Standardisation of preclinical PET/CT protocols across multiple research centres
McDougald, Wendy Anne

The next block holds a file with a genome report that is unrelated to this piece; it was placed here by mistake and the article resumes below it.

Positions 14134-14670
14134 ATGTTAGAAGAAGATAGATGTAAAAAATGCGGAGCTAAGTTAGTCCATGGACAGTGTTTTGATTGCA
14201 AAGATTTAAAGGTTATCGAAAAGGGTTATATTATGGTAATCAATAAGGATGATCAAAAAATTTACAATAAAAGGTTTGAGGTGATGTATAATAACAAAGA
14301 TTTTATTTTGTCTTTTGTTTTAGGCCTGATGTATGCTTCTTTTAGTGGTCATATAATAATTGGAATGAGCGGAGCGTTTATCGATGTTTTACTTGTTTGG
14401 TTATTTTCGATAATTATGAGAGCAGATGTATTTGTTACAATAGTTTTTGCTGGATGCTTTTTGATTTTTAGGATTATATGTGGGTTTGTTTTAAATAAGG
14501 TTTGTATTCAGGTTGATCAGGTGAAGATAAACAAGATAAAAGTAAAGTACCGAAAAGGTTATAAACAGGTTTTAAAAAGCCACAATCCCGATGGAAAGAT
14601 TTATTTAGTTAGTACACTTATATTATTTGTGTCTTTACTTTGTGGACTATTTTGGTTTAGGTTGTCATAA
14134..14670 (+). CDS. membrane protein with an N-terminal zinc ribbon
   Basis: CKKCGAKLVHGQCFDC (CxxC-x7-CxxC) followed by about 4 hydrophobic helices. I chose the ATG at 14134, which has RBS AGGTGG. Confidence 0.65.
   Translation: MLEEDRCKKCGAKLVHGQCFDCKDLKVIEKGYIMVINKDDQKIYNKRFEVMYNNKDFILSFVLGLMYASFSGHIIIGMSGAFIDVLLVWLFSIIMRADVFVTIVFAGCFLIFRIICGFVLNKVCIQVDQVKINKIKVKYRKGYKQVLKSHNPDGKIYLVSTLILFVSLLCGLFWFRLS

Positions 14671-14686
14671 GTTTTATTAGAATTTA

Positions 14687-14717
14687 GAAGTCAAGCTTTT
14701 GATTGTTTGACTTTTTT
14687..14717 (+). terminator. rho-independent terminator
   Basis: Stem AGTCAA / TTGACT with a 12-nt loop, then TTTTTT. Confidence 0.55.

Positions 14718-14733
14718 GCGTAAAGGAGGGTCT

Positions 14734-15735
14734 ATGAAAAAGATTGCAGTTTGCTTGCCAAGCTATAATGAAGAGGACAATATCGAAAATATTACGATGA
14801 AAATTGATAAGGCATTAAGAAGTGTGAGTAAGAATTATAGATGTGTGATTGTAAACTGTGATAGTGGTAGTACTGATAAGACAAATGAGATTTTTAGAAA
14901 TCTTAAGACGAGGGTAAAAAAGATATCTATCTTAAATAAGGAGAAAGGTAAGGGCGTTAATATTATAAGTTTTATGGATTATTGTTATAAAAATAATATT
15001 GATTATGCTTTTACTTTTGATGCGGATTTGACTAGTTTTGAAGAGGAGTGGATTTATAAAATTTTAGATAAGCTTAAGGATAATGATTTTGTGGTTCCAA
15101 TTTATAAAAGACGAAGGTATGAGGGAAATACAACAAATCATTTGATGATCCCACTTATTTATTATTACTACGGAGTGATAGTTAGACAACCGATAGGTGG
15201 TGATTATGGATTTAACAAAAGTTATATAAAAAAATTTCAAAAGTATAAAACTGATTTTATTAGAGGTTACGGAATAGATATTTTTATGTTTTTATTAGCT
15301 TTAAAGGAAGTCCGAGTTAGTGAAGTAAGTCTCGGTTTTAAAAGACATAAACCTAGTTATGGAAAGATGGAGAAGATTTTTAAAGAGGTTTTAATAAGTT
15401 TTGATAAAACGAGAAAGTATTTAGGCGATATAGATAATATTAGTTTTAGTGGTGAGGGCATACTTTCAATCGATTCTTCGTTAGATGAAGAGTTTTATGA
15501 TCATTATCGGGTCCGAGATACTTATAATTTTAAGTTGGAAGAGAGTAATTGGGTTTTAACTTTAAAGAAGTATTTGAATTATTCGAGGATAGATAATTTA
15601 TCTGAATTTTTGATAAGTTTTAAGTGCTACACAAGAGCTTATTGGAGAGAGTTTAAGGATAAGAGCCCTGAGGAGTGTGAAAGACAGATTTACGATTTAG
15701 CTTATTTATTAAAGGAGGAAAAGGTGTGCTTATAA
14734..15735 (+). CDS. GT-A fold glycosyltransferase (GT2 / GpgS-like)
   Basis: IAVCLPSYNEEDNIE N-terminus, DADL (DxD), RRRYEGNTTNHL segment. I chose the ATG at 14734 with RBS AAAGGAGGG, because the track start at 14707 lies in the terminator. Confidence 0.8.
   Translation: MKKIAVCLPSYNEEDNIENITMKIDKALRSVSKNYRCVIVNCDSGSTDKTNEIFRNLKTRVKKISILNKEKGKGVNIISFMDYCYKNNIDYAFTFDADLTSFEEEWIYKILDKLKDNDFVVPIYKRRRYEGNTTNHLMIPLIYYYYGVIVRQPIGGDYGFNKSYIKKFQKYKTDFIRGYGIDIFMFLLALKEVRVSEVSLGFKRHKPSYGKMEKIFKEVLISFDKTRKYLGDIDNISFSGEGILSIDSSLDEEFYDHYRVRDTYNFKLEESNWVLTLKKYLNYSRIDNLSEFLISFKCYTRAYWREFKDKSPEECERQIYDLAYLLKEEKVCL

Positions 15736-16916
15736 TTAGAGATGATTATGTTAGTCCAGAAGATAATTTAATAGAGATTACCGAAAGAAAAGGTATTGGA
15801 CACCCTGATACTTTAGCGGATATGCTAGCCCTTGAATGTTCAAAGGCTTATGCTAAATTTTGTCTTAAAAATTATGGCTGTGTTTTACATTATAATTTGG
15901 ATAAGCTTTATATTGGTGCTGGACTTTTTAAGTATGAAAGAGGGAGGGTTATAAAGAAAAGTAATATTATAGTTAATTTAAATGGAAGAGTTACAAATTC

Preclinical Positron Emission Tomography/Computed Tomography (PET/CT) is a well-established non-invasive imaging tool for studying disease development/progression, the development of novel radiotracers and pharmaceuticals for clinical applications. Over the last five years more than 8,200 preclinical studies using PET/CT were conducted. Despite this pivotal role, standardisation of preclinical PET/CT protocols, including CT absorbed dose guidelines, is essentially non-existent. Therefore, the first and second aims of this project were: (1) to quantitatively assess the variability of current preclinical PET and CT acquisition and reconstruction protocols in routine use across multiple centres and scanners; and (2) to propose optimized standardised acquisition and reconstruction PET/CT protocols for routine scanning procedures across all sites in a preclinical PET/CT laboratory. By assessing quantitative accuracy (known versus measured) and precision (reduced variability) of currently used routine protocols between five different sites/scanners (Bruker Albira, Mediso nanoPET/CT, Sedecal Super Argus, Siemens Inveon and Trifoil LabPET/CT), standard protocols were determined. Thereby, irrespective of scanner characteristics the least biased empirical quantitative and qualitative protocol results defined the standard protocol. In essence, neutralizing the manufacturers' difference, replacing scanner variability for scanner similarity to establish global standard protocols. The analysis of sites’ routine protocol results revealed significant quantitative differences between all five sites/scanners. Whereas the standard protocols put forth improved accuracy and precision across all sites. Additionally, the large disparity and measured amounts of CT absorbed ionising radiation amongst sites brought to light the lack of preclinical radiation guidelines and dose regulations. Unregulated CT radiation dose is of great concern. CT ionising radiation is known to have biological adverse effects. Thus, overexposure of radiation will potentially cause unnecessary animal suffering and confound research outcomes. Overall, the proposed standard CT protocol reduced radiation doses. The implementation of preclinical PET/CT standardised protocols, developed and tested in this project, will provide more robust, reliable and reproducible translational data sets for clinical applications. In accordance with the National Centre for the Replacement, Refinement and Reduction of Animals in Research (NC3Rs) objectives, the refinement of PET/CT protocols and reduction of CT absorbed dose impacts animal welfare positively and potentially reduces the number of animals used. Reducing study variability in site and across sites through standardisation of protocols improves statistically significant results using less animals. For study specific imaging parameters in preclinical PET/CT rodents are commonly used to design the protocol. The third aim of this project strives to develop a tissue equivalent material (TEM) anthropomorphic rodent phantom for the replacement of animals when designing and optimizing varying in vivo rodent imaging protocols. Using a TEM phantom reduces potential biological experimental variability caused by the animals and increases reproducibility of findings. To address this aim, twenty-four commercially available 3D printing materials were X-rayed for the evaluation Hounsfield units (HU). A comparison of calculated 3D material attenuation coefficients and accepted tissue attenuation coefficient was also done. CT images were acquired using four CT protocols and the developed standard CT protocol. Based on measured material HUs compared to accepted tissue/organ HU values, four materials were chosen for testing and further evaluation in a 3D printed phantom prototype was undertaken. In order to obtain the anatomical features of the rodent a CT acquisition of a scheduled 1 rodent was acquired. The CT images were used for the 3D printing design. A 3D printed (TEM) anthropomorphic rodent phantoms was printed and tested. Measured HU analysis of the phantom TEM materials shows promise as a replacement strategy. This imaging protocol optimisation approach is also in line with the NC3Rs objective of replacing and/or avoiding the use animals.